Both inflammation and oxidative damage play a key role in the nerve cell damage caused by AD. Turmeric’s potent anti-inflammatory and antioxidant activities provide significantly protection from the damage caused by both harmful processes.
However, the most prominent characteristic of a brain affected by AD is the presence of beta-amyloid plaques. These plaques are basically the accumulation of small, chemically “sticky” fibers called beta amyloid fibrils, which gradually build up into plaques.
One crucial way in which curcumin works is by preventing and even reversing plaque build-up in the brain, slowing down the progression of Alzheimer’s disease.
A 2004 study found that AD mice that were treated with low doses of curcumin showed a reduction in their the levels of beta-amyloid of around 40%, compared those not treated with curcumin. The same study found that curcumin was more effective than NSAIDS like Ibuprofen and Naproxen in inhibiting the development of beta-amyloid plaques. Furthermore, unlike NSAIDs, curcumin does not have the toxic effect that NSAIDs have on the toxic effect on the kidneys, liver and GI tract.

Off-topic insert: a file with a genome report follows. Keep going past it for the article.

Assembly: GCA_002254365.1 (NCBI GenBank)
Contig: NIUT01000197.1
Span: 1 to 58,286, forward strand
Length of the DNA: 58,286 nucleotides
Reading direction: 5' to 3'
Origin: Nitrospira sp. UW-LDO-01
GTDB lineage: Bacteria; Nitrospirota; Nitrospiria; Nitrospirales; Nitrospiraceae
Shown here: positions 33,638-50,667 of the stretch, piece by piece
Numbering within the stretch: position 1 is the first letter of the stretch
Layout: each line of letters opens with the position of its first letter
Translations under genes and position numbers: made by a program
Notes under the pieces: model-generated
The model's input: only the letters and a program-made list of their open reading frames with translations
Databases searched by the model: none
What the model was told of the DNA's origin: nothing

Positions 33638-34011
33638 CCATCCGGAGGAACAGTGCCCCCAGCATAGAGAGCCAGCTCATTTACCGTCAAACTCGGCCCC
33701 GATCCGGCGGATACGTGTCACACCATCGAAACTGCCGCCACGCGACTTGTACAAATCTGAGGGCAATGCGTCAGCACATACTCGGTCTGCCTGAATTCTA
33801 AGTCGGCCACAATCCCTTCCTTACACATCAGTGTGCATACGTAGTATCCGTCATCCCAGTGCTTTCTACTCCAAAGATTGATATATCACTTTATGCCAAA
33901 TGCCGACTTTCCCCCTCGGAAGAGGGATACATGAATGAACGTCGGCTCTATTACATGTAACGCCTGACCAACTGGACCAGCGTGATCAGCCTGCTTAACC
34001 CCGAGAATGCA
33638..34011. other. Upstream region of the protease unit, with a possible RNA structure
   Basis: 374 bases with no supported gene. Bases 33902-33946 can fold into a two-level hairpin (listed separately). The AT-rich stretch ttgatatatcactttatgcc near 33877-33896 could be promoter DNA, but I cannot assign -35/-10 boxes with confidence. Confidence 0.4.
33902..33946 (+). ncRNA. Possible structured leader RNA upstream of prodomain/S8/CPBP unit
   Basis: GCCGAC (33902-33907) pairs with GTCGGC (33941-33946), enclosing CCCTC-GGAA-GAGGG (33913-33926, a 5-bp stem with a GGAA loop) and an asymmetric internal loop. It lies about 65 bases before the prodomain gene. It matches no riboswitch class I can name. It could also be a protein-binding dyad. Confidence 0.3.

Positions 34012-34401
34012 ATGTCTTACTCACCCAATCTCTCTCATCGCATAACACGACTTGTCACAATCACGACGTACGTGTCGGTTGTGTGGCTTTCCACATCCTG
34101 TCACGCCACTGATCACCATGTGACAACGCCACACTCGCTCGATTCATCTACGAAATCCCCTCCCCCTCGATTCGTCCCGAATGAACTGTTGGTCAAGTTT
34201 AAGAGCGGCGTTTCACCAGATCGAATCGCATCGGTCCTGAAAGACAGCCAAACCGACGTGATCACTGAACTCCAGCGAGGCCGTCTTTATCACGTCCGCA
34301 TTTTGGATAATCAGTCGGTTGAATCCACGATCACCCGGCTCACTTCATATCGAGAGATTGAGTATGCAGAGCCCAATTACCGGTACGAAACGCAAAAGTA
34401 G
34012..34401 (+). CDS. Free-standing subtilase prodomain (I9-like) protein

Another study, by the University of California, found that curcumin not only inhibited the accumulation of beta amyloid in the brains of AD patients, but also broke up existing plaque.
As a Cholagogue
Research by the University of Maryland Medical Center (UMMC) supports the traditional use of turmeric as a digestive aid. It helps ease the symptoms of indigestion such as heartburn, gas and bloating.
Turmeric may also alleviate the symptoms of irritable bowel syndrome (IBD), a chronic gut condition, according to the National Institutes of Health (NIH).
How it Works
Turmeric owes its beneficial effect on the digestive system to the cholagogue properties of curcumin. A cholagogue is a compound that stimulates the production of bile by the liver, and helps regulate its flow. Bile is an important component in the breakdown of dietary fat.